Chartres was on our list because of its grand Cathédrale Notre-Dame, a UNESCO World Heritage Site, which was completed in 1220. The cathedral is famous for its united Gothic architecture made possible because it was completed in only 30 years—an unusual feat in that day. Most of its original stained glass is still in place to give an impressively beautiful experience to visitors. In the center is a labyrinth, the most intact one in France, that pilgrims traversed on their feet or on their knees. We were disappointed that chairs covered the maze when we were there, but I understand that there are certain days that the chairs are moved so pilgrims can still walk the sacred path.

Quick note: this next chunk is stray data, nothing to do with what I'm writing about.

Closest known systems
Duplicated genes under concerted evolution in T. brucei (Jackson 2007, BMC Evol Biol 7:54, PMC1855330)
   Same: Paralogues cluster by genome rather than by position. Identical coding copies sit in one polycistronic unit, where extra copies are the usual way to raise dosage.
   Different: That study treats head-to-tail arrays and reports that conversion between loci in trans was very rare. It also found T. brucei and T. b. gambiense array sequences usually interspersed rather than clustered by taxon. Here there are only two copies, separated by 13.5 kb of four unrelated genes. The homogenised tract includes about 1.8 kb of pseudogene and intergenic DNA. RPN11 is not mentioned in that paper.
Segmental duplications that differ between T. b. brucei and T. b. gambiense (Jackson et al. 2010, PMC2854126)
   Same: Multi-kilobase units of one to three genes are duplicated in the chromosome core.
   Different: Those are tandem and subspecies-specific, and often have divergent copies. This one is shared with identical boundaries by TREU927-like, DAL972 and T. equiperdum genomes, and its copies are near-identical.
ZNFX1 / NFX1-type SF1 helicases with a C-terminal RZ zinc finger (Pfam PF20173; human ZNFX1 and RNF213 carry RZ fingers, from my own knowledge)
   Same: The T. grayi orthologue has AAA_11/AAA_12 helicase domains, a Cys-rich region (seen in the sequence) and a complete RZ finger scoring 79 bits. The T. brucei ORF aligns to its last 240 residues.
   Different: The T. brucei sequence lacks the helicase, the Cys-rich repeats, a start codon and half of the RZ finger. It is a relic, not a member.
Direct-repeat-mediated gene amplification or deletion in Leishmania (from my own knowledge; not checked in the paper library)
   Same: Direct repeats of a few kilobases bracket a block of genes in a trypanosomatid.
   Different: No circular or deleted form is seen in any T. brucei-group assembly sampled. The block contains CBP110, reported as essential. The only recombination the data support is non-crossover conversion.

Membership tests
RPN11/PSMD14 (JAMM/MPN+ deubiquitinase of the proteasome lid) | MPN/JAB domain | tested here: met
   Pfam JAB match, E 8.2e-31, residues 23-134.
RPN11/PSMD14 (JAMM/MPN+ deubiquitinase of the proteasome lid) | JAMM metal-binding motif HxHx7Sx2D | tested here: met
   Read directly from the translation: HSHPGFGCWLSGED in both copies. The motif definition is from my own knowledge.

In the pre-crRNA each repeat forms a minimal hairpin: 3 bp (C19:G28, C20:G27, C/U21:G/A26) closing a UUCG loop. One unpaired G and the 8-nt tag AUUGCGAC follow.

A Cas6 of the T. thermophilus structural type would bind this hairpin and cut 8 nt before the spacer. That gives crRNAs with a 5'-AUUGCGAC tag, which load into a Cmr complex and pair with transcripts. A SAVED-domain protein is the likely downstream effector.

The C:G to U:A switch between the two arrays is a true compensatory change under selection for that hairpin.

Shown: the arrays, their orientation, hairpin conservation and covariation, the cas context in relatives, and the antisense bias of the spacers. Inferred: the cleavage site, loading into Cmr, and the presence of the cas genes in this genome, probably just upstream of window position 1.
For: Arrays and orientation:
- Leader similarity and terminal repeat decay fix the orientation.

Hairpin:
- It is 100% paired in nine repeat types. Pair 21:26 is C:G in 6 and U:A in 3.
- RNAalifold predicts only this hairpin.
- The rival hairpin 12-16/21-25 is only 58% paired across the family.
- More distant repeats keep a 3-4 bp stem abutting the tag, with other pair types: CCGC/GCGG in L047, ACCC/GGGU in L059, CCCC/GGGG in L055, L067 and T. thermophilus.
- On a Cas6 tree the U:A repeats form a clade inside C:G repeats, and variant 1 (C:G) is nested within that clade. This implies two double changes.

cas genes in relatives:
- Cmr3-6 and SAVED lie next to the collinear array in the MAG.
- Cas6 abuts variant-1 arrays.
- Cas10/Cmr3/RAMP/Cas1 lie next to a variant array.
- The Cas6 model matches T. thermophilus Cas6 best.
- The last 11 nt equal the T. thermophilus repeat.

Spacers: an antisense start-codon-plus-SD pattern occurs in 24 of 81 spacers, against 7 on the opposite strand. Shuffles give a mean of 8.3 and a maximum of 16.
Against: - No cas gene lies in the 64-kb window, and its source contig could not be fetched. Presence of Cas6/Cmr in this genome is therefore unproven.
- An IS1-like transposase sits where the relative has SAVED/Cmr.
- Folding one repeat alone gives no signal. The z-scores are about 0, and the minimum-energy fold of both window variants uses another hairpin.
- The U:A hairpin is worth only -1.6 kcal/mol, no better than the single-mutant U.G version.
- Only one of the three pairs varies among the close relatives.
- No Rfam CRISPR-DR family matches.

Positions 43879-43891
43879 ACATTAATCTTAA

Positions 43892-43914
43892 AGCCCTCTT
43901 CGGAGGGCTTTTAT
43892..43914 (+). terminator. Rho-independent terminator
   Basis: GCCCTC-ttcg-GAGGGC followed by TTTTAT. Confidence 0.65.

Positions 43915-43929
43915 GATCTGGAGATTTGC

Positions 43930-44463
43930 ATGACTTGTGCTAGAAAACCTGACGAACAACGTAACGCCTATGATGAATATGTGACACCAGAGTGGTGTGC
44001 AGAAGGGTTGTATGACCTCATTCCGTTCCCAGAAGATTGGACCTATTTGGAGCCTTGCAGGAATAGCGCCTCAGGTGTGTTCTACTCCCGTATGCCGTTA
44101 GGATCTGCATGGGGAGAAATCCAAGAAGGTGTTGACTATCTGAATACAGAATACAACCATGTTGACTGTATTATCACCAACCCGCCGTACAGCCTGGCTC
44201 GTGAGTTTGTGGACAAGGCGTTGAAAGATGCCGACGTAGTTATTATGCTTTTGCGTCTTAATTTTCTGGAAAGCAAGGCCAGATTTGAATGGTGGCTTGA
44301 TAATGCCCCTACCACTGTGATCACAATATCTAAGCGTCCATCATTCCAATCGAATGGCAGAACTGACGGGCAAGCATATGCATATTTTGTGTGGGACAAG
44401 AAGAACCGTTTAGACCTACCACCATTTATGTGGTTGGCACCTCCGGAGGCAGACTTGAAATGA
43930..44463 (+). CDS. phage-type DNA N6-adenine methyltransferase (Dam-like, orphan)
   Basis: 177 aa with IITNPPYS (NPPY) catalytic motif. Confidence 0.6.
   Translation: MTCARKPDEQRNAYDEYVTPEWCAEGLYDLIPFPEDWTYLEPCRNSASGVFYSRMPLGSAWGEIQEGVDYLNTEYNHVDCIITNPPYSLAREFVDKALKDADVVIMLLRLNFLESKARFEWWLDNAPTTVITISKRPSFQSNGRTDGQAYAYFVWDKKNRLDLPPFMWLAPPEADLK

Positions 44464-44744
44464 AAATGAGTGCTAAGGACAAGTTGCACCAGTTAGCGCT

We enjoyed wandering around the cathedral while taking in the exterior views of the magnificent structure. We stopped for a delicious meal at Le Café Serpente and sat under the awning waiting for the rain to let up. The biggest challenge on our road trip was returning the car to the correct place—especially during pouring rain. Unfortunately, our car company did not give directions as to where to leave the car—in a parking lot near the train station—so we spent a lot of time driving and walking around trying to find the correct location. Thankfully, the staff in the train station came to the rescue and we finally turned in our car and caught our train to Paris!
An on to Paris for a few days there before heading home to plan for our next adventure!